At their heights during the 17th century, the subcontinent’s fabled Mughal emperors were rivaled only by their Ming counterparts in China. For their contemporaries in distant Europe, they were potent symbols of power and wealth. In Milton’s Paradise Lost, for example, the great Mughal cities of Agra and Lahore are revealed to Adam after the Fall as future wonders of God’s creation. This was hardly an overstatement. By the 17th century, Lahore had grown even larger and richer than Constantinople and, with its two million inhabitants, dwarfed both London and Paris.
What changed was the advent of European colonialism. Following Vasco da Gama’s discovery of the sea route to the East in 1498, European colonial traders — first the Portuguese, then the Dutch and finally the British — slowly wrecked the old trading network and imposed with their cannons and caravels a Western imperial system of command economics. It was only at the very end of the 18th century, after the East India Company began to cash in on the Mughal Empire’s riches, that Europe had for the first time in history a favorable balance of trade with Asia. The era of Indian economic decline had begun, and it was precipitous. In 1600, when the East India Company was founded, Britain was generating 1.8% of the world’s GDP, while India was producing 22.5%. By 1870, at the peak of the Raj, Britain was generating 9.1%, while India had been reduced for the first time to the epitome of a Third World nation, a symbol across the globe of famine, poverty and deprivation.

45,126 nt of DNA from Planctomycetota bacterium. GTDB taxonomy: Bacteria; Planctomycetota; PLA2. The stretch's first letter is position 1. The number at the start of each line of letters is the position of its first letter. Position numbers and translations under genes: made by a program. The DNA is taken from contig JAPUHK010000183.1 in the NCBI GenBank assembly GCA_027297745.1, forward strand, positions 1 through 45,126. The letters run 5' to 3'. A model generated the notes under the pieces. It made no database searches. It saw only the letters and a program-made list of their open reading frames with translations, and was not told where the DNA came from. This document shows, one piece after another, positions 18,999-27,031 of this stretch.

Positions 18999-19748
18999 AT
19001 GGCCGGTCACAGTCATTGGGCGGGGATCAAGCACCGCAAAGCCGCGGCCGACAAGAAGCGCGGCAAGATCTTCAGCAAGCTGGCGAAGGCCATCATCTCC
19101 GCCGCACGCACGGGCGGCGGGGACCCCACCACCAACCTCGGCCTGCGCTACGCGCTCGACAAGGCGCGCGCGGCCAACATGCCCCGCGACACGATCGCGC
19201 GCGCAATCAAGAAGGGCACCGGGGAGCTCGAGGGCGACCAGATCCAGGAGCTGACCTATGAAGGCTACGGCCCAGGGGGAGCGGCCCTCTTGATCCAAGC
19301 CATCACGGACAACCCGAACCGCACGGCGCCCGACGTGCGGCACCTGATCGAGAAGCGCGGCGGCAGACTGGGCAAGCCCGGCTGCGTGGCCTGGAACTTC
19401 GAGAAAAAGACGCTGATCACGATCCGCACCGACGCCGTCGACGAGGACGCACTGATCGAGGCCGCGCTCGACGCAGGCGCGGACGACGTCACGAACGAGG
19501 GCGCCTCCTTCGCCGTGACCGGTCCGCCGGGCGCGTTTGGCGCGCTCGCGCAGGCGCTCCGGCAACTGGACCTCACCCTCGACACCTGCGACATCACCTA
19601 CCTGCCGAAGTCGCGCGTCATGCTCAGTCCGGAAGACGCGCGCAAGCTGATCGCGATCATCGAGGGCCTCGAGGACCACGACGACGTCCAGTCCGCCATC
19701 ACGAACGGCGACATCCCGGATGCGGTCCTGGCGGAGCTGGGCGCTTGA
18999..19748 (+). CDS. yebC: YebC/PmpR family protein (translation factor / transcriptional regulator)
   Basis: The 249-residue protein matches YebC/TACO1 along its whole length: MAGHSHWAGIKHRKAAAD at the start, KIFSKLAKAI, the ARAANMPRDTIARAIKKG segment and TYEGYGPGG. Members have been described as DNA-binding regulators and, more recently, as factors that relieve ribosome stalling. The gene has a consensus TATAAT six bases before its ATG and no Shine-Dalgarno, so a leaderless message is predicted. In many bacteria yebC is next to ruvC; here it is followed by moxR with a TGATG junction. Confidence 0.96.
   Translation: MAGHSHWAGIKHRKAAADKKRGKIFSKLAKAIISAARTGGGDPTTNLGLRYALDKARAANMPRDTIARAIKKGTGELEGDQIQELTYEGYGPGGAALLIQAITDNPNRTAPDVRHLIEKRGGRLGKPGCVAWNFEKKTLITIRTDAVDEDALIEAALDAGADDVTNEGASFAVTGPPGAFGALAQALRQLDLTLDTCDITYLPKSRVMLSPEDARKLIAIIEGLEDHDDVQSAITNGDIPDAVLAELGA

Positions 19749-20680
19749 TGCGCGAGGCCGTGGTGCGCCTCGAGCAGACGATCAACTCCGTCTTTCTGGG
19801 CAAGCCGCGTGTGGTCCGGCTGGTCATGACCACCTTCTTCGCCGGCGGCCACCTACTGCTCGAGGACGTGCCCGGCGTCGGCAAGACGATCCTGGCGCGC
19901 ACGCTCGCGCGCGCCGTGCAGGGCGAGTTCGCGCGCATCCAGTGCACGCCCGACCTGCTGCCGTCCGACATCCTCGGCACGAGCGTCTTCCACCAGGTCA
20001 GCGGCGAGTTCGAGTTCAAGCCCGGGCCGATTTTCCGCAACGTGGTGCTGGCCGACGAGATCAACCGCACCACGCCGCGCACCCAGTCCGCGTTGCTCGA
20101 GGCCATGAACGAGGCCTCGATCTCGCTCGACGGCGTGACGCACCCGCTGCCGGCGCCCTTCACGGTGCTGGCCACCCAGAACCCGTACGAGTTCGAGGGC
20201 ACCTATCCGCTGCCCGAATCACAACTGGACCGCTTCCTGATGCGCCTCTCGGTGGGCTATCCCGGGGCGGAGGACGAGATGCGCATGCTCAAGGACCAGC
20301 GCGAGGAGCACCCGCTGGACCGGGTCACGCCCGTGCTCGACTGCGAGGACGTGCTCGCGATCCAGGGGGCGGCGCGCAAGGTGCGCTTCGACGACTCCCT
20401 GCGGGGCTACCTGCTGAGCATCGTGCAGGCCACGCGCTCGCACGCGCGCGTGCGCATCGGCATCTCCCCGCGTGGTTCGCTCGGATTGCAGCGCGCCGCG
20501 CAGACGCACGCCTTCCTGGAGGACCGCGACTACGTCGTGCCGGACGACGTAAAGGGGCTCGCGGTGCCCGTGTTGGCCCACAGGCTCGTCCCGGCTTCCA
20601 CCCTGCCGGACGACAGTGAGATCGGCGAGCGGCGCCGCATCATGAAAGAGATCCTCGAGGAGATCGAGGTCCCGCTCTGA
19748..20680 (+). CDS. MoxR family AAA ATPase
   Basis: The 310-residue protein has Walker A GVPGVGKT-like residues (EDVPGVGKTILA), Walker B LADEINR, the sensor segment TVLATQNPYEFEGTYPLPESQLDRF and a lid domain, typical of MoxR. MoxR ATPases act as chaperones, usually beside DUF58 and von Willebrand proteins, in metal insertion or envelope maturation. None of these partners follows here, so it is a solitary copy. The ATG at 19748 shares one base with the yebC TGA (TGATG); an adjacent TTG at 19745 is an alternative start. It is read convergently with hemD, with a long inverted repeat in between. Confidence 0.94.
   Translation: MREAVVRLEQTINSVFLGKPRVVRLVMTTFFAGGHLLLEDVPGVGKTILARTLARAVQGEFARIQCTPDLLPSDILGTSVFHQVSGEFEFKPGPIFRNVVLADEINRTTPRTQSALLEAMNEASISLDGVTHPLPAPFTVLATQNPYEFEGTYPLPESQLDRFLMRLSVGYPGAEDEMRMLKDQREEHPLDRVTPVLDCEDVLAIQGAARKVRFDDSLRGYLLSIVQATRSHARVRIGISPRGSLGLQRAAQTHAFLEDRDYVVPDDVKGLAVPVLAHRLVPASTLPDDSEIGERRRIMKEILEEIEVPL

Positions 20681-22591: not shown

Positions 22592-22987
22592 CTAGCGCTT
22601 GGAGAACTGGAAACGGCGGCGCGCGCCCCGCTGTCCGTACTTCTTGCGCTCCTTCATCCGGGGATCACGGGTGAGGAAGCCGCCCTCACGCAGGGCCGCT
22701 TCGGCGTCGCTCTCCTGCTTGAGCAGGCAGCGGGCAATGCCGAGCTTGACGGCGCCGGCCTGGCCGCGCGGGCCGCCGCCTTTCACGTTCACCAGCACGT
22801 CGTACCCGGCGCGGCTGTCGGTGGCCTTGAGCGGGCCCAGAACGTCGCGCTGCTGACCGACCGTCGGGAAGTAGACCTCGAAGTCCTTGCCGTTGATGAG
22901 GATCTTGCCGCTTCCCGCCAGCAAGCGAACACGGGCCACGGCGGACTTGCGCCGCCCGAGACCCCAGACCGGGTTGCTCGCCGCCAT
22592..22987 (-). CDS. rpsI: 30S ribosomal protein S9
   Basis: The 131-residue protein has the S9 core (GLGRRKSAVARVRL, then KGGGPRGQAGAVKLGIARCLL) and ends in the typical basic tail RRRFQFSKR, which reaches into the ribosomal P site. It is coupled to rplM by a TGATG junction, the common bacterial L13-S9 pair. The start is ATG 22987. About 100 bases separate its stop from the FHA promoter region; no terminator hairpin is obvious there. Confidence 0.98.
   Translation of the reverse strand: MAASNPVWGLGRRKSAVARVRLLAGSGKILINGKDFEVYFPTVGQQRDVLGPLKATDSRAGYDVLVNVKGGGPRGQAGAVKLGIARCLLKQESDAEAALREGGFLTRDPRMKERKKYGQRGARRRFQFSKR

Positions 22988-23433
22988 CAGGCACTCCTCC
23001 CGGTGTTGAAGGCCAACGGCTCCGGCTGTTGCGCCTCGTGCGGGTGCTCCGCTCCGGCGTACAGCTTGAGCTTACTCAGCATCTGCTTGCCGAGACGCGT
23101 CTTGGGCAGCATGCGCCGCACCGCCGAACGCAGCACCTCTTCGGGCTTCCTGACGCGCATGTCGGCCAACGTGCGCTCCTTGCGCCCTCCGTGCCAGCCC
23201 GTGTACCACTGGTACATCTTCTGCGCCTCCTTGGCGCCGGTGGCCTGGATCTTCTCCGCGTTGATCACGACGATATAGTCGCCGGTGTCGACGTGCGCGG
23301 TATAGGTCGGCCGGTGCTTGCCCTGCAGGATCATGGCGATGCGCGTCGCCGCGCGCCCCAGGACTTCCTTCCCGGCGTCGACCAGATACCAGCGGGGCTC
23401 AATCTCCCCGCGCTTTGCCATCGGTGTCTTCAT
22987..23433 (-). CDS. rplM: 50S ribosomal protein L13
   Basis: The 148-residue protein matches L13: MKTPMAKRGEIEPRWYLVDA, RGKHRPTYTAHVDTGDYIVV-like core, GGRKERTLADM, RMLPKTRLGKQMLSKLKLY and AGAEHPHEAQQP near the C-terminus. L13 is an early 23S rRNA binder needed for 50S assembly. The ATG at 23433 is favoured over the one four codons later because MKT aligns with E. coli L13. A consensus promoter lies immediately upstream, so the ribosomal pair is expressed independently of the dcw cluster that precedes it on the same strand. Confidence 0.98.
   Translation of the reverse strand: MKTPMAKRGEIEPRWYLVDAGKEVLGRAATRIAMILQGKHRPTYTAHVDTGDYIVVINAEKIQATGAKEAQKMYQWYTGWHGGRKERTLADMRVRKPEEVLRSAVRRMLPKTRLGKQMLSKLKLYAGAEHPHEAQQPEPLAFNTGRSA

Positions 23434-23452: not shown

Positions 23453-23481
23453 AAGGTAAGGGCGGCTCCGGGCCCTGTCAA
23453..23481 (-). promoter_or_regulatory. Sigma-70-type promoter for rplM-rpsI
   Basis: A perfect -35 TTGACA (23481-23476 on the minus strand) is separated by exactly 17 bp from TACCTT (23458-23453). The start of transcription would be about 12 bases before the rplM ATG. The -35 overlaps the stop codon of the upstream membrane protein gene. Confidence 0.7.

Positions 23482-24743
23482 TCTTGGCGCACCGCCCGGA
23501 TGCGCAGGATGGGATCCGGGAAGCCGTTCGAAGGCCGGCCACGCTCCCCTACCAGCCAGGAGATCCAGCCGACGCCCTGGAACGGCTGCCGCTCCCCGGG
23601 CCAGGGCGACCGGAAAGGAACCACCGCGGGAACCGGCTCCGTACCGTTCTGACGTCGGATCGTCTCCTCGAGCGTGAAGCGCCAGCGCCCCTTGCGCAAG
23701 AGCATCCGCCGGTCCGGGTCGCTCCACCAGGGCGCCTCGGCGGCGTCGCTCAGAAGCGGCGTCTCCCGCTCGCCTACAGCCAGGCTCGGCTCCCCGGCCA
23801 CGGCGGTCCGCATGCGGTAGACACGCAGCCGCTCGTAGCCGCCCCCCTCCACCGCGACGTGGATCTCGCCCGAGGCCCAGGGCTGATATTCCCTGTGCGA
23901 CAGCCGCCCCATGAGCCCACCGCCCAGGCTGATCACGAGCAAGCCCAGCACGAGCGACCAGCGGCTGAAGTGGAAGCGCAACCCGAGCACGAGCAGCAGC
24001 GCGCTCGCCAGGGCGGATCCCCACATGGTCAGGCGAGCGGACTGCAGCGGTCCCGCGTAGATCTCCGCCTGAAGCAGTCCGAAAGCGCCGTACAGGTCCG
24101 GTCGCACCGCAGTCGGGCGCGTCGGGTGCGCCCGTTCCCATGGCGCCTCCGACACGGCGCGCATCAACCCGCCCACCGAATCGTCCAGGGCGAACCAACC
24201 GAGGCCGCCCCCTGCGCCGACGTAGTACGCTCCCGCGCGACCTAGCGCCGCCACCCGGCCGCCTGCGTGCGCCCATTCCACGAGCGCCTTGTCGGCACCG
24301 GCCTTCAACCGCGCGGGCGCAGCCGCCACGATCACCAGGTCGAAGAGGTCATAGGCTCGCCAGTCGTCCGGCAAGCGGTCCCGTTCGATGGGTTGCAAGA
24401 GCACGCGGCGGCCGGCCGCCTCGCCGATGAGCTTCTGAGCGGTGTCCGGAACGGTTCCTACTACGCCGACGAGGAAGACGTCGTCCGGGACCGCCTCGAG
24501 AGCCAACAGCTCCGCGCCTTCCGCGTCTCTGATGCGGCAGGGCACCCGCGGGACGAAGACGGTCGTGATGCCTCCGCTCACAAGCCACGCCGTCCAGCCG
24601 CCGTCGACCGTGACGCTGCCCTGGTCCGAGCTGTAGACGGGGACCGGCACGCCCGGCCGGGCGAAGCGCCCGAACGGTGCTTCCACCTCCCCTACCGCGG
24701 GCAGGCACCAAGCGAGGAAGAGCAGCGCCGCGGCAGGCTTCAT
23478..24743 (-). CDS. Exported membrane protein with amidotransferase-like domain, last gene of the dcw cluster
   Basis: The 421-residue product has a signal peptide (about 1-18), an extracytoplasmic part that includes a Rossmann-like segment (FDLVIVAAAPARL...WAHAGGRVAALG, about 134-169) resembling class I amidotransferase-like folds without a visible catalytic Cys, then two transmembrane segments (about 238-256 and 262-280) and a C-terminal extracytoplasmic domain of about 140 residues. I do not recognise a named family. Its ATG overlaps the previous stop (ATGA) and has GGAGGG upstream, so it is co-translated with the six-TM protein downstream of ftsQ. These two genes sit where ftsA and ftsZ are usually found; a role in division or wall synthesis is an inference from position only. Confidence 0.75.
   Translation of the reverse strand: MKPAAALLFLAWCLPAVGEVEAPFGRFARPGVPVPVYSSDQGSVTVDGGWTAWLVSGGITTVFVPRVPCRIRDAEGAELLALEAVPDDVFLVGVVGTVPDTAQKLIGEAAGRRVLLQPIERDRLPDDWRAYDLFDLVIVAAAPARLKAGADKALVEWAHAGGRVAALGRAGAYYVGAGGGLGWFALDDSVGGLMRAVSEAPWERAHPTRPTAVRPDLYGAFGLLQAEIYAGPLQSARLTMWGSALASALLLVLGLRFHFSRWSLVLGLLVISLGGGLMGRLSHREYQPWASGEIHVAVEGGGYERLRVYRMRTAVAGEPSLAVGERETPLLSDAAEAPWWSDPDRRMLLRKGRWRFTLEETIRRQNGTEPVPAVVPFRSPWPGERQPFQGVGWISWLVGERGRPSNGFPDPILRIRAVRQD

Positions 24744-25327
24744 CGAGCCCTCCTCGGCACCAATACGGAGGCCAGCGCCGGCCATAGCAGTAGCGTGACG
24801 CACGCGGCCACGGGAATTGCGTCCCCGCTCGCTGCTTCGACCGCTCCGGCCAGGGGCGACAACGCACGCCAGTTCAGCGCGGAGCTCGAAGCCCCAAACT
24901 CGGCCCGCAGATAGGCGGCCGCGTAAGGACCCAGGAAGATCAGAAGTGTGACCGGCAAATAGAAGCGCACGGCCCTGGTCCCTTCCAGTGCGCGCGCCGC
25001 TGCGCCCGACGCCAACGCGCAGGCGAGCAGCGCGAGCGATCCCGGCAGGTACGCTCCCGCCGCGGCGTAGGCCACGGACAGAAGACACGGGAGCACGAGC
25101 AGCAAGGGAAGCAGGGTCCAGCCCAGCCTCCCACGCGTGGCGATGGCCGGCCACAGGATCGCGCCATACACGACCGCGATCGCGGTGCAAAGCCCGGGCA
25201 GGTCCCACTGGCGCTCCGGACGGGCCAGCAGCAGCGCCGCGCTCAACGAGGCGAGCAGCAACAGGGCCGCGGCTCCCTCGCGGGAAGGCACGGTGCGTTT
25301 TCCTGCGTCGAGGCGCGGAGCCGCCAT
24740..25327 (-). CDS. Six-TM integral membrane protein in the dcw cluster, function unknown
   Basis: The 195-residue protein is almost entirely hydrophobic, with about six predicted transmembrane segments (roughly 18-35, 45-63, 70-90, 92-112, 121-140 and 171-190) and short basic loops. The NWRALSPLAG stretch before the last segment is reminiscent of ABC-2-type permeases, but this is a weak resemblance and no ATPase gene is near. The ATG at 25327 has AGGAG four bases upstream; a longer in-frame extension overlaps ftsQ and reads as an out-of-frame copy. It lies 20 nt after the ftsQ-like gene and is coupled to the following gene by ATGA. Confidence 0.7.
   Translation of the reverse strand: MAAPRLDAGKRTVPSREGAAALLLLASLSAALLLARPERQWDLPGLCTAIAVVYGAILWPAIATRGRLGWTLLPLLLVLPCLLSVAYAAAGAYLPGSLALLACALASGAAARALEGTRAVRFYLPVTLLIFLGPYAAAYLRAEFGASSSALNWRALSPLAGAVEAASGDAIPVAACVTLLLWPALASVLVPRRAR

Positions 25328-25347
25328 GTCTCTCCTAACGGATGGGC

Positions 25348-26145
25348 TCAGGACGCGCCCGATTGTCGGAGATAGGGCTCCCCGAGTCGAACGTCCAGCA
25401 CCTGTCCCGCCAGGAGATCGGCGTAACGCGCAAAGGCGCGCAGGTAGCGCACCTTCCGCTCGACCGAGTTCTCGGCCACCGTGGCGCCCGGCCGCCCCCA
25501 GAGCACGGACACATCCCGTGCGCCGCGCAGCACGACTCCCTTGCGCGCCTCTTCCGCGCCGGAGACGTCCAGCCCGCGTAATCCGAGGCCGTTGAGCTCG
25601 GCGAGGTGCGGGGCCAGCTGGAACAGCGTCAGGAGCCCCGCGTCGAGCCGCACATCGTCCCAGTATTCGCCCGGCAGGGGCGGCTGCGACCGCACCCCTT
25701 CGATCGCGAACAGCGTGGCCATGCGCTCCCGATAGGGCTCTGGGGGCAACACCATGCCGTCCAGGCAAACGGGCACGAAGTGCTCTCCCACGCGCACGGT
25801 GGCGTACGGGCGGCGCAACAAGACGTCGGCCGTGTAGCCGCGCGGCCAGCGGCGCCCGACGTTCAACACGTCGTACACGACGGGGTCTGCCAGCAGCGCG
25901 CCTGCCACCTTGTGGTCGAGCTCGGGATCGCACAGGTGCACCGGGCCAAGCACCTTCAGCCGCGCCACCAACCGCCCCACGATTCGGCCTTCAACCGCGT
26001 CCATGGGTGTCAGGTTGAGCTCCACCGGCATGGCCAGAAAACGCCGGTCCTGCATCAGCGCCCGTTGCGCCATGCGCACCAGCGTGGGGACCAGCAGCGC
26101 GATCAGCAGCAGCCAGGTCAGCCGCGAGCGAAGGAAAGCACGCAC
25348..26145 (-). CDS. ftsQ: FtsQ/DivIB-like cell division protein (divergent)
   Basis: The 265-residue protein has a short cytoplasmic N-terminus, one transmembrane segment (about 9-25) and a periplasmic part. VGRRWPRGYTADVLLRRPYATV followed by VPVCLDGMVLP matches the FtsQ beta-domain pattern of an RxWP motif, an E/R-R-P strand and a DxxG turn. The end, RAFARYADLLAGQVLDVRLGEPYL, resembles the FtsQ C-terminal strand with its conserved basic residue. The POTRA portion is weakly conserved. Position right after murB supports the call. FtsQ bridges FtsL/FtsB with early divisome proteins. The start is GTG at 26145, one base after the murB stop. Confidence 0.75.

In hindsight, what is happening today with the rise of India and China is not some miraculous novelty — as it is usually depicted in the Western press — so much as a return to the traditional pattern of global trade in the medieval and ancient world …
I think the changing GDP shares probably had at least as much do with a little economic novelty called the Industrial Revolution as with British economic mismanagement in India. But his point still mostly stands.